Digesting Disasters

I can’t recall whether it started with learning about Titanic or reading a children’s book about Pompeii, but since a young age I had been very interested in disasters. Well, not just what happened and how it took so many lives, but what exactly transpired in the build-up and final cause of the disaster. And of course, how the incident affected the lives of those involved, and what measures have been taken by the relevant authorities to ensure that such a thing never happens again.

So imagine my (horror and) delight when one day I came home from school to find a new documentary showing on television, Seconds From Disaster. Horror, because it was an episode about something that happened in my own little insignificant country. Delight, because before that day, my only references about such distasteful events were the (thankfully) infrequent news reports and whatever books I could find in the Children’s Library I’d frequented at the ground floor of my apartment block every day.

Seconds From Disaster, for those of you who may not be into documentaries or disasters, is a highly informative show that uses witness interviews, official findings and reports, professional opinions and any available evidence to recreate the entire scenario of a given disaster event right from the very beginning, pointing out underlying as well as direct causes that led to the incident, and revealing the aftermath effects and follow-ups on the persons and places involved, and ultimately, the parties responsible for the incident. The types of incidents reviewed include anything and everything from natural disasters to human error and structural/mechanical/technical/electrical failures. Seconds From Disaster is a production of National Geographic channel and has currently just ended its sixth season.

Hotel New World Collapse

A photo taken during the rescue efforts of the Hotel New World collapse in Singapore. It is one of the incidents featured in Seconds From Disaster. Photo courtesy of Singapore Civil Defence Force.

Speaking of National Geographic productions, another very similar documentary series they produce is Air Crash Investigation, also known as Mayday in certain countries. It’s format and concept is exactly the same as Seconds From Disaster, with the exception that all its disasters involve aircrafts, and not all the incidents they review have fatalities. In a way, Air Crash Investigation gives viewers hope for a happy (or at least neutral) ending once in a while. It goes without saying that Air Crash Investigation ranks just as high on my must-watch list as Seconds From Disaster is.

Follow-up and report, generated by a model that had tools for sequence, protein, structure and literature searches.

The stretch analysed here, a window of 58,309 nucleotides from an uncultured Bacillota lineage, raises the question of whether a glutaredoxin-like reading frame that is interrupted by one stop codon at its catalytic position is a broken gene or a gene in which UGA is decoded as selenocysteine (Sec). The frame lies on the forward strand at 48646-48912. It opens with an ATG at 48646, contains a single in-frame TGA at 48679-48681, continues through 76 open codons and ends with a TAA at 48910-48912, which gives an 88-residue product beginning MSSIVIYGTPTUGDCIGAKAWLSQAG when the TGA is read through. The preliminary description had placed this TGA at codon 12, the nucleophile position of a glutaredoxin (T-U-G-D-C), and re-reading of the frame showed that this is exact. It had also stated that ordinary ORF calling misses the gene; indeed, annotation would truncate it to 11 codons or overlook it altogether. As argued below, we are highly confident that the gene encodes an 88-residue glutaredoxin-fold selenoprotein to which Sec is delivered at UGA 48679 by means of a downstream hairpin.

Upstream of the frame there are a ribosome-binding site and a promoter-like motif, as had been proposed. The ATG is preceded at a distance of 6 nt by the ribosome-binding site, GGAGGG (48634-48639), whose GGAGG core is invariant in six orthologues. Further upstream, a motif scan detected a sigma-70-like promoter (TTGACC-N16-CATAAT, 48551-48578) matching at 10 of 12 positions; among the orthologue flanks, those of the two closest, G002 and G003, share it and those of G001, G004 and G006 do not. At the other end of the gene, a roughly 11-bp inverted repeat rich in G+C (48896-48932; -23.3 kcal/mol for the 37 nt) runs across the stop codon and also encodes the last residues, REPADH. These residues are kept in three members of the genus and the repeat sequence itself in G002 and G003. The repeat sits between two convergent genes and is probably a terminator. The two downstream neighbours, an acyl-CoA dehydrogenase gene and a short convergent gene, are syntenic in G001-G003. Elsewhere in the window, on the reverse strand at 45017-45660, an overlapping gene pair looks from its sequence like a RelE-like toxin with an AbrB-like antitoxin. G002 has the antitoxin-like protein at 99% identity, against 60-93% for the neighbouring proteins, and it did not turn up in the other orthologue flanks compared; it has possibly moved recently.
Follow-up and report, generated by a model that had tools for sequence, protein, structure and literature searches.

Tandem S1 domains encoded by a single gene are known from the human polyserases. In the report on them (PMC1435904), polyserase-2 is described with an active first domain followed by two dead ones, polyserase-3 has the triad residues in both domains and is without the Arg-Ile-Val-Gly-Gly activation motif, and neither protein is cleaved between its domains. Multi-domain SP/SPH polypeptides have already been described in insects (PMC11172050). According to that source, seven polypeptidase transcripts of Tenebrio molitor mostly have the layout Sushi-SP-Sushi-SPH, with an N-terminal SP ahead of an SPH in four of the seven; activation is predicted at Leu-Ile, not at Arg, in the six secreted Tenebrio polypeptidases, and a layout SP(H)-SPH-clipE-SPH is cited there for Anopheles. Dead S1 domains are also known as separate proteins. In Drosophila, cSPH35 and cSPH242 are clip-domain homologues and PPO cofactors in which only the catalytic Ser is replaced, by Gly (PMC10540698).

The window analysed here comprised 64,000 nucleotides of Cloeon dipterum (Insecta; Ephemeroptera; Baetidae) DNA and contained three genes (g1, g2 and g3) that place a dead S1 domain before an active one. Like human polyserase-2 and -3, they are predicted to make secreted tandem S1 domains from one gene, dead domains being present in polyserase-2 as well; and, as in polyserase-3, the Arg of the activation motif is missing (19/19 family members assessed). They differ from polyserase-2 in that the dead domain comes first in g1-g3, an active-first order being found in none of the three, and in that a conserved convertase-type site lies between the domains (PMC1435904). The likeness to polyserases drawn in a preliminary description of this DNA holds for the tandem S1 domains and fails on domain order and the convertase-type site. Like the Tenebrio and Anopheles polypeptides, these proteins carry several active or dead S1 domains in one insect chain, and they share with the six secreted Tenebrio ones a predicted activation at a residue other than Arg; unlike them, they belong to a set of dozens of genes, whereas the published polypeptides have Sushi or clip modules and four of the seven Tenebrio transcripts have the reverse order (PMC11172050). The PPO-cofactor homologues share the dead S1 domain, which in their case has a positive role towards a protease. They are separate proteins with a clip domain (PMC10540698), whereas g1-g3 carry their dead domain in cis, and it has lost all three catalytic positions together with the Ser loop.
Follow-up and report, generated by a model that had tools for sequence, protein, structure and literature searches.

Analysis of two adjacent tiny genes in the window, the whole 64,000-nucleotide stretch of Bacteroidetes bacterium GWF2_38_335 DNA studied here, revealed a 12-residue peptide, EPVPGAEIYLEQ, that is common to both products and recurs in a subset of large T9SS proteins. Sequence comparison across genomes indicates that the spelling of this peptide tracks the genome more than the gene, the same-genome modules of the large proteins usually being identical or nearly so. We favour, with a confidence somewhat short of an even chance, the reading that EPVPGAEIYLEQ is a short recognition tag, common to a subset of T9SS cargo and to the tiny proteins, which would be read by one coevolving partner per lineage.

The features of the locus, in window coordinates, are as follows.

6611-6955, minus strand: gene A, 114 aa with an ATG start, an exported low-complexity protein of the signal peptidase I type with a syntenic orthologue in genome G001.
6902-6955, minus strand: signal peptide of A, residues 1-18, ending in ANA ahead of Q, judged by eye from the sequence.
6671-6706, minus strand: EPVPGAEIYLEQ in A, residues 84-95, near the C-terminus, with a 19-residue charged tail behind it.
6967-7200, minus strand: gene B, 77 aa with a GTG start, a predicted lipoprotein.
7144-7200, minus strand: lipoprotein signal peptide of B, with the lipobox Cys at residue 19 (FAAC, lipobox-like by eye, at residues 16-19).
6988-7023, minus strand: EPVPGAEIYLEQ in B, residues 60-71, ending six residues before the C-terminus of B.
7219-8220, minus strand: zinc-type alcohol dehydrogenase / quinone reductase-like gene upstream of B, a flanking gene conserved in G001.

I have an insatiable hunger for knowledge, and documentaries like these that delve deep into the causes and consequences of very real situations teaches me not only of the various possibilities and scenarios that can plant the seeds of a catastrophe, but also quite a few structural/mechanical/technical/electrical/geographical terms. (In fact, I’ve learnt enough terms and technicalities to get myself very interested in aircrafts and aeronautics. Maybe I can write a post about that another time!)

Anyway, more than anything, watching these documentaries make me realise just how much our complacent human nature leaves critical details to become fatal oversight. Makes me appreciate how important it is not to leave safety and lives to chance. All those reenactments, recounts and reports are there for us to learn from past mistakes and make an effort not to let the incidents repeat themselves. It has admittedly made me more wary of my surroundings; the first thing I do when entering a building or room for the first time is to note the location of the emergency exits and fire extinguishers. I’ve also taken up a basic first aid course and volunteered with the neighbourhood’s Community Emergency Response Team because I hope to be of assistance if anything should happen. It all stems from the awareness that disaster documentaries have raised in me. Lives can be lost only too easily.

I like disaster documentaries not because I gain happiness from learning the ways that people can die; it is quite the opposite.

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